Filing for divorce is never an easy decision. There are numerous things to consider, and more importantly, the decision can be a roller-coaster ride. Hiring a divorce law for filing is not mandatory in Connecticut, but it is still wise to engage an experienced lawyer for the entire process. Law firms like Broder Orland Murray & DeMattie LLC have been helping clients with divorce proceedings and family law matters for years, and they can help you with your rights and protect your interests. Here are some things to know about divorce in Connecticut.
- Connecticut is a no-fault state. This simply means that ‘breakdown of marriage’ is enough to file for divorce. You don’t have to blame your partner to file for divorce, but fault can still be considered by the court. Before you file for divorce in Connecticut, you have to prove that you or your partner has domiciled in the state for at least 12 months before the date of filing.
- The court in Connecticut has the power to distribute properties, regardless of other factors. Things like the period of marriage, income of both parties, cause of the breakdown of the marriage, and liabilities of the spouses will be considered for distribution of assets.
- The same attorney cannot represent two people at the same time in a divorce. In other words, if you are filing for divorce, you have to consider hiring your own attorney, or can file on your own.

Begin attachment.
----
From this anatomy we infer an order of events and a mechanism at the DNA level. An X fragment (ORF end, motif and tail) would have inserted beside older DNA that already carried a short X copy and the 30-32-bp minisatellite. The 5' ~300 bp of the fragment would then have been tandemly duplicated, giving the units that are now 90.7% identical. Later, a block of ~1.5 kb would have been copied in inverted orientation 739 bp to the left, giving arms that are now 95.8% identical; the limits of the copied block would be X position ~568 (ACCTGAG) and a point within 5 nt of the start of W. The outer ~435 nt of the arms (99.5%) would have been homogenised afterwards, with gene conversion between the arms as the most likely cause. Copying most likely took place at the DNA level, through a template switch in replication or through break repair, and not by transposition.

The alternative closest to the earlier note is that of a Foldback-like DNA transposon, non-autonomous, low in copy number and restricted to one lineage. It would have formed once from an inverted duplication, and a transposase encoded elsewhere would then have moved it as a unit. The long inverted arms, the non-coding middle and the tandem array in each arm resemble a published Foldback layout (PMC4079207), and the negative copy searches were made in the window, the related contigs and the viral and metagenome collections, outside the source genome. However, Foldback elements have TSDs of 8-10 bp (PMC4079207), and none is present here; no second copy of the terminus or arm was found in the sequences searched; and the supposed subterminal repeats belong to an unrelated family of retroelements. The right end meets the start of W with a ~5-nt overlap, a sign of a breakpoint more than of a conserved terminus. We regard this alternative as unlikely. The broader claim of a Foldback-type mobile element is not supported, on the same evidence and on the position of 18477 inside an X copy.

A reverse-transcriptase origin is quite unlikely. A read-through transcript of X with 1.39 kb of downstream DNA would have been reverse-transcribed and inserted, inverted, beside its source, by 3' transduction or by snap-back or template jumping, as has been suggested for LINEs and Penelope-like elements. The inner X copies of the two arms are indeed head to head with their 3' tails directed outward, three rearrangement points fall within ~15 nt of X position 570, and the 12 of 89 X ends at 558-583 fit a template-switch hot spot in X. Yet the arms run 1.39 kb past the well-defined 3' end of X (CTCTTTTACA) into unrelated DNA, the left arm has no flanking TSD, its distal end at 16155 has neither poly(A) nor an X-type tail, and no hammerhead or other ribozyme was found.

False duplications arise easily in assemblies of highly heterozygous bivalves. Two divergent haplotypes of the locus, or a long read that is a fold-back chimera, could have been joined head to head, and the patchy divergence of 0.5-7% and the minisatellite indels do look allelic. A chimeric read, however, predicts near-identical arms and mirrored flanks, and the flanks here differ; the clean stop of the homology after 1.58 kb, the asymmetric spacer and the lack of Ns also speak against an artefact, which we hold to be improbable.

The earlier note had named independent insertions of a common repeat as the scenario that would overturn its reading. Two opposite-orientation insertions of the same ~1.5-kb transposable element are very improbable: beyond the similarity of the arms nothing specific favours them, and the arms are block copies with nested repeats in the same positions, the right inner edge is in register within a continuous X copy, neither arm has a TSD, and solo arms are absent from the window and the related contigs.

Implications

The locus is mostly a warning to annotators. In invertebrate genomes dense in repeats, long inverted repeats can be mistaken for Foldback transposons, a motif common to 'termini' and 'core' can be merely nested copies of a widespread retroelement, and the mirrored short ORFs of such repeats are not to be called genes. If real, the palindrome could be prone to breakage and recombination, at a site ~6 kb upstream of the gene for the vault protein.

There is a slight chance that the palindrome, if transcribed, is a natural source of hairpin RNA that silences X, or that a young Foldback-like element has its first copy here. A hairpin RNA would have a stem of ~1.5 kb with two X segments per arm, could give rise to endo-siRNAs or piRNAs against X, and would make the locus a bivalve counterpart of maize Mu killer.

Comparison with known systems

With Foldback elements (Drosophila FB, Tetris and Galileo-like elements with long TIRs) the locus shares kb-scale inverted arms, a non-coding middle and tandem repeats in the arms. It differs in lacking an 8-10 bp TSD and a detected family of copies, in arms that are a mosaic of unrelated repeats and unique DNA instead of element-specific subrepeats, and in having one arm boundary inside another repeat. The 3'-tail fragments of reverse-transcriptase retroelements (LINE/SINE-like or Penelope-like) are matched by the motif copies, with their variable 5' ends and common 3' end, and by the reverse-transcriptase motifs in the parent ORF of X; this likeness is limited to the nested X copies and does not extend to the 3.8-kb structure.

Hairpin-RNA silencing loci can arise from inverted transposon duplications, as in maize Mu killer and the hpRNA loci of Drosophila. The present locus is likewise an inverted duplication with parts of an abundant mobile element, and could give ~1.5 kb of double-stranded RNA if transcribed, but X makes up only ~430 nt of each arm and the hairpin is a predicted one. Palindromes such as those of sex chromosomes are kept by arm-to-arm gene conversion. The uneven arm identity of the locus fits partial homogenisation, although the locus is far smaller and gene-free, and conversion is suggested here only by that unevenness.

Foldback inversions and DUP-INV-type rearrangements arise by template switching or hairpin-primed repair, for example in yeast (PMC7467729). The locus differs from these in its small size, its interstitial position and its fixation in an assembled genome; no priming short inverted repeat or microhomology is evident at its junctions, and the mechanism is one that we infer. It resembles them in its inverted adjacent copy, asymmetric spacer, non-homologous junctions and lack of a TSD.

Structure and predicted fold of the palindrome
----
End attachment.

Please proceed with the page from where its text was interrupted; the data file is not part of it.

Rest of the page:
- Alimony in Connecticut can be awarded to either party. In some cases, $1 annually is granted, which allows one of the spouses to modify the same, if need be. Alimony can be also paid as a lump-sum amount, or through periodic payments. The factors that are considered for division of property will be considered for deciding alimony, as well.
- As far as child custody and support is considered, the court will take a call on the same in the best interests of the child.
Hiring an attorney for divorce in Connecticut is all about looking for experience. Find a lawyer that you can trust and make sure that family law is their area of specialty. The first meeting with an attorney is always for free, so you can expect to get genuine advice when you discuss your circumstances. Ask about their fee and other details before you hire them and do make sure that they will be handling the case personally.